Why doesn’t Israel build, or allow the Arabs to build another entrance? The existing one seems like it was meant to cause trouble from the gitgo.

  9. Kay24
    Kay24
    September 19, 2015, 5:37 pm

    “J’lem mayor warns Palestinians in holy site clashes: ‘if they use violence we will hunt them”

    Really Mayor? Then how come you guys cannot “hunt” down your own terrorists, and deal with them?

    As for the other Arab nations, shame on them for tolerating this violence, and the desecration of their Holy Mosque, by these racist zionists. What are they waiting for? Afraid to incur the wrath of the US? Sheesh.

    • zaid
      zaid
      September 19, 2015, 11:13 pm

      one day , i don know when, this mosque will be the spark that will bring freedom to palestine.

      • CigarGod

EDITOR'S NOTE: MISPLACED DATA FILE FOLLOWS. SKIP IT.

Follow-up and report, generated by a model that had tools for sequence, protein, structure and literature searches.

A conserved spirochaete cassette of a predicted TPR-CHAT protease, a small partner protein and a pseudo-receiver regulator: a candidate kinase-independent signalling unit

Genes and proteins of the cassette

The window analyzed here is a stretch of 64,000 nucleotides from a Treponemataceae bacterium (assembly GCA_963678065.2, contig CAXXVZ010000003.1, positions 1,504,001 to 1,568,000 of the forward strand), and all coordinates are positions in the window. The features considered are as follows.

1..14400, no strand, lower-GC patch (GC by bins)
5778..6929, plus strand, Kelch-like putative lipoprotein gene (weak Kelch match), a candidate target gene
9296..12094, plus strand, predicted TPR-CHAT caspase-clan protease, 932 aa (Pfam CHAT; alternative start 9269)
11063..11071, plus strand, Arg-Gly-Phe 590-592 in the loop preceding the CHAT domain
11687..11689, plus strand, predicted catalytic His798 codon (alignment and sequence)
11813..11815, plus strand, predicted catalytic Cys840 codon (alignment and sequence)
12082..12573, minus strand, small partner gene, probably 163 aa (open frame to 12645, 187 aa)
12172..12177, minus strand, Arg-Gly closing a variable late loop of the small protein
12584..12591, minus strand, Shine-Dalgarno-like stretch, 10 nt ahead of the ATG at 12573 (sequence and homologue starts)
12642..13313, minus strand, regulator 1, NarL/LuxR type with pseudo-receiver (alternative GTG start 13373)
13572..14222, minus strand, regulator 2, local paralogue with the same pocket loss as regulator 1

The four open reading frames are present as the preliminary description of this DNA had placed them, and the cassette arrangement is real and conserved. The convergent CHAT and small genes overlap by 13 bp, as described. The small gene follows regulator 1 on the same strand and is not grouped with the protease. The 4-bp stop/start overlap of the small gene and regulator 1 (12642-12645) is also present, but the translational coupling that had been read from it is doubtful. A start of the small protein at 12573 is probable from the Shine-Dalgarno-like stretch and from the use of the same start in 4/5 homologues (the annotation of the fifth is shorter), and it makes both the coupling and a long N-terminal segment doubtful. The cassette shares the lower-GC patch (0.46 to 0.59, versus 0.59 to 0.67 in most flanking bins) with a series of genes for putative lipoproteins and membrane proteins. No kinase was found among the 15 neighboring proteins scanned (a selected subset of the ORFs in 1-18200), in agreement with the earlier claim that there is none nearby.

CigarGod
        September 20, 2015, 10:07 am

        Maybe when the Pope visits.

      • zaid
        zaid
        September 20, 2015, 12:23 pm

        The pope already visited the place, and he was welcomed and received the best of palestinian hospitality.

        http://www.bbc.com/news/world-middle-east-27571615

      • zaid
        zaid
        September 20, 2015, 12:28 pm

        and i might add as a palestinian and half jerusalemite i have absolutey no problem if christians want to pray in al aqsa mosque

      • Kay24
        Kay24
        September 20, 2015, 2:28 pm

        Zaid, I agree. There is nothing wrong in anyone visiting/praying in Mosques, but when they storm it with weapons, attack the worshippers, and show disrespect, it is unacceptable.

    • zaid
      zaid
      September 20, 2015, 3:49 pm

      of cource Kay

      and i add:

      No settlers
      No israeli police
      No jewish visits until palestine is free

      • Jon66
        Jon66
        September 20, 2015, 4:22 pm

        Zaid,

        Did you mean no Jewish Israeli visits or no Jewish visitors at all?

      • zaid
        zaid
        September 20, 2015, 9:54 pm

        No Zionist Visit

        If Naturicarta (not sure of the name) wants to visit and even pray then no problem.

      • Xpat
        Xpat
        September 21, 2015, 2:07 pm